Tag Archives: Tony Byrer

Big Fat Hands of Iron

On a glorious American morning, Goobly Gorbus strolled through the park admiring the dew sparkling on the flowers. His hands were jammed into his hip pockets. He walked with the careless arrogance of one well pleased with himself. He’d written an especially inflammatory poem the night before excoriating the government’s policies in Latin America. It was so hard to find a rhyme for “Nicaragua,” but he’d overcome that hurdle with the phrase “mal agua.” He thought that was surpassingly clever. He breathed deeply of the soft morning air and strolled casually and more than just a bit elegantly, he thought, around the corner toward the duck pond. Perhaps he’d find some inspiration there. Something in the way the ducks squawked and quacked reminded him of Congressmen debating a bill.

He was so lost in a daydream of the furor his poem would raise once it was published in his personal zine that he nearly walked into The Man, also strolling through the park.

The Man nodded. “Gorbus,” he said. “Good morning.”

Goobly nodded. He loathed The Man. Best not waste any words on the likes of him, he thought.

The corners of The Man’s eyes crinkled. “Feeling a bit haughty this morning?” He laughed. “That’s okay. I know you dislike me, but I don’t care.”

Goobly rolled his eyes and The Man laughed again. “I don’t care that you don’t like me,” The Man said, “but it’s important to me that you know I don’t care.” He regarded Goobly through lidded eyes. “What do you think of that?”

Goobly snorted. “What do I think? I’ll show you what I think.” He spun on his heels rather gracefully, even though he stumbled a bit, and dropped his pants. He aimed his pale buttocks at The Man and loosed a shrill, wavering, tooting fart. “Ha!” he shouted, pulling up his britches. “That’s what I think.” He folded his arms over his chest and regarded The Man.

The Man hooted. “You’re such a tease.” He stuck the tip of his thumb into his mouth. His eyes bulged and his cheeks puffed. Just as his face began to purple, his entire body burst inside out with a horrible wet plop and everted into a gigantic pulsating veiny wet and dripping rectum.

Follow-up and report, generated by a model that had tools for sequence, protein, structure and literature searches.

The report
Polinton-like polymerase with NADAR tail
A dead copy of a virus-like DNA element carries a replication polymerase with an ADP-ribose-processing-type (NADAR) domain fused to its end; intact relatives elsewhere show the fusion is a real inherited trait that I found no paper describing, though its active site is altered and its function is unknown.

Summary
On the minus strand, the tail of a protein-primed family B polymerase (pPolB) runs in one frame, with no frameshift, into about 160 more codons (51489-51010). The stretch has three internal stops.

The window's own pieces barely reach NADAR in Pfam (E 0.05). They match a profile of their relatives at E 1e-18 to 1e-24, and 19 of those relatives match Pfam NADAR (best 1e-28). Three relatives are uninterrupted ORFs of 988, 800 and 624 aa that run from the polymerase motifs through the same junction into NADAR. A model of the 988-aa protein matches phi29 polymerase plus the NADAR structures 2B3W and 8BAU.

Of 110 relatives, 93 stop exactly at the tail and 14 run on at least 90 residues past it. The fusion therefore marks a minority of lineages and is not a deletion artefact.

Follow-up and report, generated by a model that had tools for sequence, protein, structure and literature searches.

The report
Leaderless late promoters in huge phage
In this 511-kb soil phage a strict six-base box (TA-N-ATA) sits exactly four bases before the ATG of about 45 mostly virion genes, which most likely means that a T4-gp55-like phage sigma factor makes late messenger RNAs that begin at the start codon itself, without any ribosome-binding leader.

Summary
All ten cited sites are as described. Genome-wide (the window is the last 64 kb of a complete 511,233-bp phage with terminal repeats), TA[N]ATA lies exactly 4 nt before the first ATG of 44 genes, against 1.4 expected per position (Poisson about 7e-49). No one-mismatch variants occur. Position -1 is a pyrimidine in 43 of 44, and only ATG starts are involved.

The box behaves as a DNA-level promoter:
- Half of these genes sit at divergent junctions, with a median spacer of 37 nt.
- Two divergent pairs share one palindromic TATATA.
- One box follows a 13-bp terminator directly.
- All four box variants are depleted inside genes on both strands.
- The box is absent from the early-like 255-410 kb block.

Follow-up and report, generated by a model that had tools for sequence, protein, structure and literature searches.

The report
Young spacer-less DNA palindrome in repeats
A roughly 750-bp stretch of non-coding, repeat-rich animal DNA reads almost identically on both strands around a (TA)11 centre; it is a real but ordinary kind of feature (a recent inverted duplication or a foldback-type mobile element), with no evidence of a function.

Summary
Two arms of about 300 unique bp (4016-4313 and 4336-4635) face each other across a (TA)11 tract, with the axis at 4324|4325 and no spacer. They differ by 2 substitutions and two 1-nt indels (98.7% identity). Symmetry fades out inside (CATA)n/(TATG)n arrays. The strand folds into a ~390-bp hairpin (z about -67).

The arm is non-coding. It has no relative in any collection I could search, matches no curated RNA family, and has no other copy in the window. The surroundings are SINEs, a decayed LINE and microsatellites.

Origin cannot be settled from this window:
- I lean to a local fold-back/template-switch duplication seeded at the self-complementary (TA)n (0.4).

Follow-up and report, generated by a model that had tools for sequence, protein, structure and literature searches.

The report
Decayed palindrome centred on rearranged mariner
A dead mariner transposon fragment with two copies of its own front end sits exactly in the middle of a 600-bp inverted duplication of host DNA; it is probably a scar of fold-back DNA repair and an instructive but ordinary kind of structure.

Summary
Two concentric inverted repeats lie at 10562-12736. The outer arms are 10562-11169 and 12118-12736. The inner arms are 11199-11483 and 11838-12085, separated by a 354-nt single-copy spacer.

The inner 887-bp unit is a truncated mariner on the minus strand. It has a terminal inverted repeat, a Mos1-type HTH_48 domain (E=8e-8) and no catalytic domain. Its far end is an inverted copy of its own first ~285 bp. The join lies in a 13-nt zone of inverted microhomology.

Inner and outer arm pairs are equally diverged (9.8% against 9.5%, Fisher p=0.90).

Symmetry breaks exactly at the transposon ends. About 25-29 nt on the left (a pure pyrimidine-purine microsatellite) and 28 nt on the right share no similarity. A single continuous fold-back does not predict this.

Gorbus grimaced. “That’s disgusting!” he cried.

“Oh, now,” The Man said. “Don’t be a ninny.” His face was embedded within the slick side of his rectal wall. “I’m merely embodying the natural state of our society.”

Goobly rolled his eyes. “So now you’re symbolic, is that it?”

The Man’s eyes widened in sincerity. “Exactly,” he said. “Thank you for pointing that out. You see–”

“Oh, look!” a child’s voice cried. “A slippery slide!”

Several more children’s voices cried out.

“Yeah!”

“Cool!”

“Neato!”

Multicolored carnival lights suddenly appeared on The Man’s body, chasing each other over the curves and folds of his monstrously distended rectum. A cheerful organ tune burbled and bubbled. The enticing smell of popcorn and elephant ears and corn dogs filled the breeze. The lights and the music and the warm scents hypnotized Goobly for just a moment. The Man looked just like a carnival ride, even though in reality he looked nothing like a carnival ride.

“Come on, kids!” The Man shouted in a carnival barker’s voice. “Brave the slippery slide! Do you have what it takes? Thrills, chills, and spills await you if only you have the nerve!”

They came from all over the park. Some were running, but most of them just waddled. “That’s so sad,” The Man said, breaking the carnival illusion in Goobly’s eyes. “They have great hand-eye coordination from playing their video games for hours every day, but their asses are all double wide.”

Goobly watched the children converge on The Man. Red-faced and puffing, they lurched and waddled, heaved and gasped. Their double chins wagged, their bellies sagged, and each child’s four cheeks jiggled like mounds of jello. “Hey,” Goobly called.     “What are you–”

“Ssshhh…” The Man breathed. “Suffer the little children to come to me.”

A boy appeared atop The Man. From Goobly’s perspective, the boy appeared to rise over The Man’s bulk like a bloated moon over a landfill. He might have been beautiful in another life–corn silk hair, pale blue eyes, full red lips–but in this life he was a swollen little troll, a grotesque avatar of sloth, gluttony, greed, and the ready availability of processed foods. His wheezing gasps bellowsed. He tottered above The Man grinning triumphantly, then dove headfirst into the horrible gaping fundament.

“Hey, wait!” Goobly cried to no avail.

Shrieking and giggling, the children clambered over The Man’s slick wet rectum to explore the gaping orifice at its top. “Get down from there!” Goobly yelled. “That’s disgusting! Get out of there!”

“Shut up, loser,” said a fat little girl. Mucous, blood, and feces smeared her face. She reached inside the sphincter, grabbed a polyp, and pulled herself inside.